Correction: A previous version of this story incorrectly stated 2012 is SXSW Eco's first year. KUT News regrets the error. 

SXSW Eco will kick-off next week. But it's a niche that the Renewable Energy Roundup and Green Living Fair in Fredericksburg first tapped into 12 years ago.

The 2012 festival is this weekend, from Sept. 29 to 30.

The roundup will concentrate not so much on policy but on practice —what Texans can do everyday to make the world a little greener. Panels include "How to Grow Your Own Groceries," "Growing Herbs and Making Your Own Vinegar,"  "Hot Attics: Turning a Problem into a Resource," and even "Green Smoothies."

There are also hands-on workshops about collecting rainwater and solar energy.


Central Texas is under an Ozone Watch today and tomorrow.

Watches are usually issued during the summer months when the temperatures are higher and humidity is lower.  And so far this year the area is already dangerously close to exceeding EPA standards. Austin sits at a 74 parts-per-billion average for ozone. If that average jumps to 75 PPB, the area will be in non-compliance.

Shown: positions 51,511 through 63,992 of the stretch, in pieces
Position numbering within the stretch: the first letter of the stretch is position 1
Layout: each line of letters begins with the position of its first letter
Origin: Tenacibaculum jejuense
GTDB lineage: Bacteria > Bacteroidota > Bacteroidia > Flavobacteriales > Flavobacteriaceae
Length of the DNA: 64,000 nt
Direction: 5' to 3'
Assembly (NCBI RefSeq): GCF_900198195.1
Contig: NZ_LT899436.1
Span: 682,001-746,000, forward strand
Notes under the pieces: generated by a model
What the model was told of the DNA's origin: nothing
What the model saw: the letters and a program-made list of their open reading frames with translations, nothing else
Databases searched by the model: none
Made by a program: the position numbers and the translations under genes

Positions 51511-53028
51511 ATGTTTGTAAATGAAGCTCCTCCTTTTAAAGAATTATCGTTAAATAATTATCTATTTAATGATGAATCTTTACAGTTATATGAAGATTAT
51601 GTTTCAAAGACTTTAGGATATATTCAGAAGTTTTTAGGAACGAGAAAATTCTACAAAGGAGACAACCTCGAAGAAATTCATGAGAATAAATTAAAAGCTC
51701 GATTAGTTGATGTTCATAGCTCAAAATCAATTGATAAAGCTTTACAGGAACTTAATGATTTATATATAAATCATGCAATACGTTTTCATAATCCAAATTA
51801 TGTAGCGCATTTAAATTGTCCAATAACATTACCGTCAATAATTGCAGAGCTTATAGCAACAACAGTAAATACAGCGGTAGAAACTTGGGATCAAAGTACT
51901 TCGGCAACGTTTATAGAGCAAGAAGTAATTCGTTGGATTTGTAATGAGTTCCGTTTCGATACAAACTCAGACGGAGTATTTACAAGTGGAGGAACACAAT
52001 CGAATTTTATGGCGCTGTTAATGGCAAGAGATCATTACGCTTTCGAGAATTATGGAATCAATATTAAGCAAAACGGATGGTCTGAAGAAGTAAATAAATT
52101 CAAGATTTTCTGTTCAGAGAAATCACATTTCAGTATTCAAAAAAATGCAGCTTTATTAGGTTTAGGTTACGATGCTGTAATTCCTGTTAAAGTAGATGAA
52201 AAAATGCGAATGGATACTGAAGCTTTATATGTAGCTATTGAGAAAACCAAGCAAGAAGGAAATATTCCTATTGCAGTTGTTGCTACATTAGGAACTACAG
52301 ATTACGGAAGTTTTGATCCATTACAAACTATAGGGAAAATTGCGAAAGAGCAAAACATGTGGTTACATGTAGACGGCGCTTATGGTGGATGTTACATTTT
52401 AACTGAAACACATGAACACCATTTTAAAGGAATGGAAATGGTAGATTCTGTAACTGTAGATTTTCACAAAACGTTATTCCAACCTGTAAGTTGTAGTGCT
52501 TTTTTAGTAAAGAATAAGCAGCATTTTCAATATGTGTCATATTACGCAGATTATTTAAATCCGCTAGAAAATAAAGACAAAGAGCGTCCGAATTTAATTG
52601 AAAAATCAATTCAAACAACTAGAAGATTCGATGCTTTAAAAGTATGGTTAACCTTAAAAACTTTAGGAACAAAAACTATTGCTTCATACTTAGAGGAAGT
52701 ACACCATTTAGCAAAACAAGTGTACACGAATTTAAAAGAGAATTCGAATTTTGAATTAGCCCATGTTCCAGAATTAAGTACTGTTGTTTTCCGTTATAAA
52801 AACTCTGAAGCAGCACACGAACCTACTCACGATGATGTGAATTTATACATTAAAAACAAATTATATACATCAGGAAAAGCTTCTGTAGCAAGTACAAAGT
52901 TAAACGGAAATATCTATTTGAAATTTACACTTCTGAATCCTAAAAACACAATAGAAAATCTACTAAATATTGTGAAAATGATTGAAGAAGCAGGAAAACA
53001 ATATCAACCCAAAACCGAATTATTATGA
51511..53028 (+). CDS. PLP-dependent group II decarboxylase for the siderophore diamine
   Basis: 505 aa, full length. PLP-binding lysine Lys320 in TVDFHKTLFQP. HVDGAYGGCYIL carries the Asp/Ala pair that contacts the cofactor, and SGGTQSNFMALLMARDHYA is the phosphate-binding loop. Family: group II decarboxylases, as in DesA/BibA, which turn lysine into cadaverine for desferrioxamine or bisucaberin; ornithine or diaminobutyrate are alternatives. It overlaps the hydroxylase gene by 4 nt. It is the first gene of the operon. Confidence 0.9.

“If we get one day at one site in particular, like our Northwest Austin site which has a 79 parts-per-billion eight-hour average … one more at that level will throw us into non-compliance," says Bryan Lambeth, senior meteorologist at Texas Commission on Environmental Quality.

Deana Altenhoff, Executive Director of the CLEAN AIR Force of Central Texas, agrees. "Ozone season ends October 31st," Altenhoff says. "This is our most critical time of the year because historically this is when we see our highest levels of ozone." 

National Weather Service

With Travis County receiving several inches of rain in the last 24 hours, a burn ban for the county is no longer in effect. 

Travis County Fire Marshal Hershel Lee lifted the burn ban for the region today. It was initially scheduled to last until Oct. 3. The lift will be in effect until  at least Sept. 18, when the county commissioners court will consider the ban once more.

Officials still remind citizens to abide by state regulations when burning any materials outdoors. You can find more information on the fire marshall’s website

National Weather Service

Much anticipated relief from triple-digit temperatures is coming Saturday – but at a cost.